WAN Virtualization - Per-flow vs. per-packet advantages

This is the third of a series of four newsletters where we're sharing excerpts from the Webtorials Thought Leadership Discussion on WAN Virtualization. This series features a "virtual discussion" with Keith Morris from Talari Networks and Thierry Grenot from Ipanema Technologies, the two leading companies in the WAN virtualization space, and today we found an area where there's a significant and most interesting difference between the two companies and their approaches.

After a short break to discuss forthcoming Interop sessions, this is the third of a series of four newsletters where we're sharing excerpts from the Webtorials Thought Leadership Discussion on WAN Virtualization. This series features a "virtual discussion" with Keith Morris from Talari Networks and Thierry Grenot from Ipanema Technologies, the two leading companies in the WAN virtualization space, and today we found an area where there's a significant and most interesting difference between the two companies and their approaches.

WAN Virtualization - Transport and encrypted flows

We observed and asked, "Both companies perform optimization by sending particular traffic types over different networks. For instance, voice might be sent over an MPLS network to ensure low loss and low latency while FTP traffic could be easily relegated to the Internet. How do you determine the traffic type? Do you do your own inspection? Why or why not?"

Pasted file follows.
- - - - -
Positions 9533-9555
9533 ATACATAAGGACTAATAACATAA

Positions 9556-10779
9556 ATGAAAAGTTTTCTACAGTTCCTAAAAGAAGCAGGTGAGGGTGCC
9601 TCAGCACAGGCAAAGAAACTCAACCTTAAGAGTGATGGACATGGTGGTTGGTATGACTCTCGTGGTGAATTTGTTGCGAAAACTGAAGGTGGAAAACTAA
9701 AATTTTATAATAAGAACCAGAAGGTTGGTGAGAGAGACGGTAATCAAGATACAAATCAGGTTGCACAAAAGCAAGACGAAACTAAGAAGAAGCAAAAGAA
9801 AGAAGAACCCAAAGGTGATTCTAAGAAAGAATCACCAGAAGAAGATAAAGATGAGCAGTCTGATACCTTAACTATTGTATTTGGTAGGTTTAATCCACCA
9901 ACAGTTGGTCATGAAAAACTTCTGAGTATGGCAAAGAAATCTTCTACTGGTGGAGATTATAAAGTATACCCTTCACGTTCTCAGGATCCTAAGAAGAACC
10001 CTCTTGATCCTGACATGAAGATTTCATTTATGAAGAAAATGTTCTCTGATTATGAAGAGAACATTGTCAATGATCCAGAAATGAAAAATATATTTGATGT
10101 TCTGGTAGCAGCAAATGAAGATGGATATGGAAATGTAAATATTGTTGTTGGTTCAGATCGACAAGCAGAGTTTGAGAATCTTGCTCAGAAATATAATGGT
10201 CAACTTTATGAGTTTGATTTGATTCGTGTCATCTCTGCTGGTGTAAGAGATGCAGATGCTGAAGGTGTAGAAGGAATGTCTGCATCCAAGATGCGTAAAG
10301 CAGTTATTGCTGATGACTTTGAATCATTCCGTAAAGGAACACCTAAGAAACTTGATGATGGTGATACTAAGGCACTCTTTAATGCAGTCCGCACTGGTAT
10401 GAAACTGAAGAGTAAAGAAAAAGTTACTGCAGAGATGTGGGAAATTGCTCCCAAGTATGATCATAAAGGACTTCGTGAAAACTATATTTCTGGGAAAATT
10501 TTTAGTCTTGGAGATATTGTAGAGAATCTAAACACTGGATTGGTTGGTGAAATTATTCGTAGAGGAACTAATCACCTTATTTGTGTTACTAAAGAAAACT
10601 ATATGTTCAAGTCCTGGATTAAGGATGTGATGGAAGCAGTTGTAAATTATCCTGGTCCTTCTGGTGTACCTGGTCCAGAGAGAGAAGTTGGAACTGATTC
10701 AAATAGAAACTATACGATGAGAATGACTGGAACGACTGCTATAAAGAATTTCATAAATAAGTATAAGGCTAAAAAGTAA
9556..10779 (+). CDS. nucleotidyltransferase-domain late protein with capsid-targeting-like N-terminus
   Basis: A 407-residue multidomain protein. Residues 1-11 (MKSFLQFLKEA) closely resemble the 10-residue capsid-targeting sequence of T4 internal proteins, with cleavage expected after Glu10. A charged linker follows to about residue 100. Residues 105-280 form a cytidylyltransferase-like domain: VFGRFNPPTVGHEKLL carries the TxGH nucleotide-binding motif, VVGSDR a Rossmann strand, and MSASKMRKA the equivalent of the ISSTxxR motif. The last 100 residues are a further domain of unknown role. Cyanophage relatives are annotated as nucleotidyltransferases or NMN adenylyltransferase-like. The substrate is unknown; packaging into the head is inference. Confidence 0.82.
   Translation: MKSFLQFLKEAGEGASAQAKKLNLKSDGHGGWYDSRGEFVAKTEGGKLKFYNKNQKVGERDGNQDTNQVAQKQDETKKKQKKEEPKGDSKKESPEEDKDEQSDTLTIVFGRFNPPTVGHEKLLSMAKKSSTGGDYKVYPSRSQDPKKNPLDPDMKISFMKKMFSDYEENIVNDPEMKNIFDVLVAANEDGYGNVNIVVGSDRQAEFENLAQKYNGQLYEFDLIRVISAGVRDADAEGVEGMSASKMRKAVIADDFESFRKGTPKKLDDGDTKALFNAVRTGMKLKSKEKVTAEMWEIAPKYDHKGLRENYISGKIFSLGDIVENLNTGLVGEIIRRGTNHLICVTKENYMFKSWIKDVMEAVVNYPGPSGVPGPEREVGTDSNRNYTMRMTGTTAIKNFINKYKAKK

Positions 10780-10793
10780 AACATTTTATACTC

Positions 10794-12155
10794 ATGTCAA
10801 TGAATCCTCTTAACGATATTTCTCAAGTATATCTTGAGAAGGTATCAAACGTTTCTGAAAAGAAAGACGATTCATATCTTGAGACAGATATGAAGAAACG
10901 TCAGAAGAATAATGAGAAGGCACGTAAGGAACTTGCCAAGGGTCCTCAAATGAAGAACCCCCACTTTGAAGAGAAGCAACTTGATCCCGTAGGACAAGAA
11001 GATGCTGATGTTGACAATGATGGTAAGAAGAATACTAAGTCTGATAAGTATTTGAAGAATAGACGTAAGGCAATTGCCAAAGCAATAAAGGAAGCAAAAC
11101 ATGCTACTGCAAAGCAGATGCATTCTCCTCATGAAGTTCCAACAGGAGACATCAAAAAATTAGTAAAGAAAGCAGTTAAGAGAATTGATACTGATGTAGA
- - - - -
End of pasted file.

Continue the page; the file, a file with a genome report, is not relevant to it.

Keith (Talari) began the discussion with, "First, an important clarification. We don't typically limit any given traffic flow to a single WAN connection. We make per-packet forwarding decisions, not simply per-flow. This allows us to use all of the available bandwidth even for just a single flow the overwhelming majority of the time when all the connections are working well. This also means that for delay and jitter-sensitive protocols like RTP or Citrix, we not only put them on the best quality network at flow initiation, we will move the packet flow to a better connection, sub-second, if congestion or link failure causes network quality to get meaningfully worse mid-flow.

"Now this said, we do recognize different flows and treat them differently, of course, as does any decent middlebox. We support DSCP and ToS markings, and also support 5-tuple classification (source and destination IP addresses and ports plus IP protocol) to distinguish flows."

Thierry (Ipanema) responded, "This is one area where Ipanema and Talari diverge. Ipanema has decided to go with a per-flow decision (preserving natively the packet delivery order) rather than per-packet in order to simplify the deployment of secured environments like stateful firewalls and also to be able to work without an appliance at both ends. Application classification is one of our key techniques, and we use advanced DPI (deep packet inspection) to classify and then control each and every individual flow."

Keith (Talari) further commented, "Just to ensure no confusion, even though we make per-packet decisions and can and will use multiple connections even for a single flow, thus using all available bandwidth even for a single flow, we too preserve the packet delivery order, delivering packets in order to the receiving host.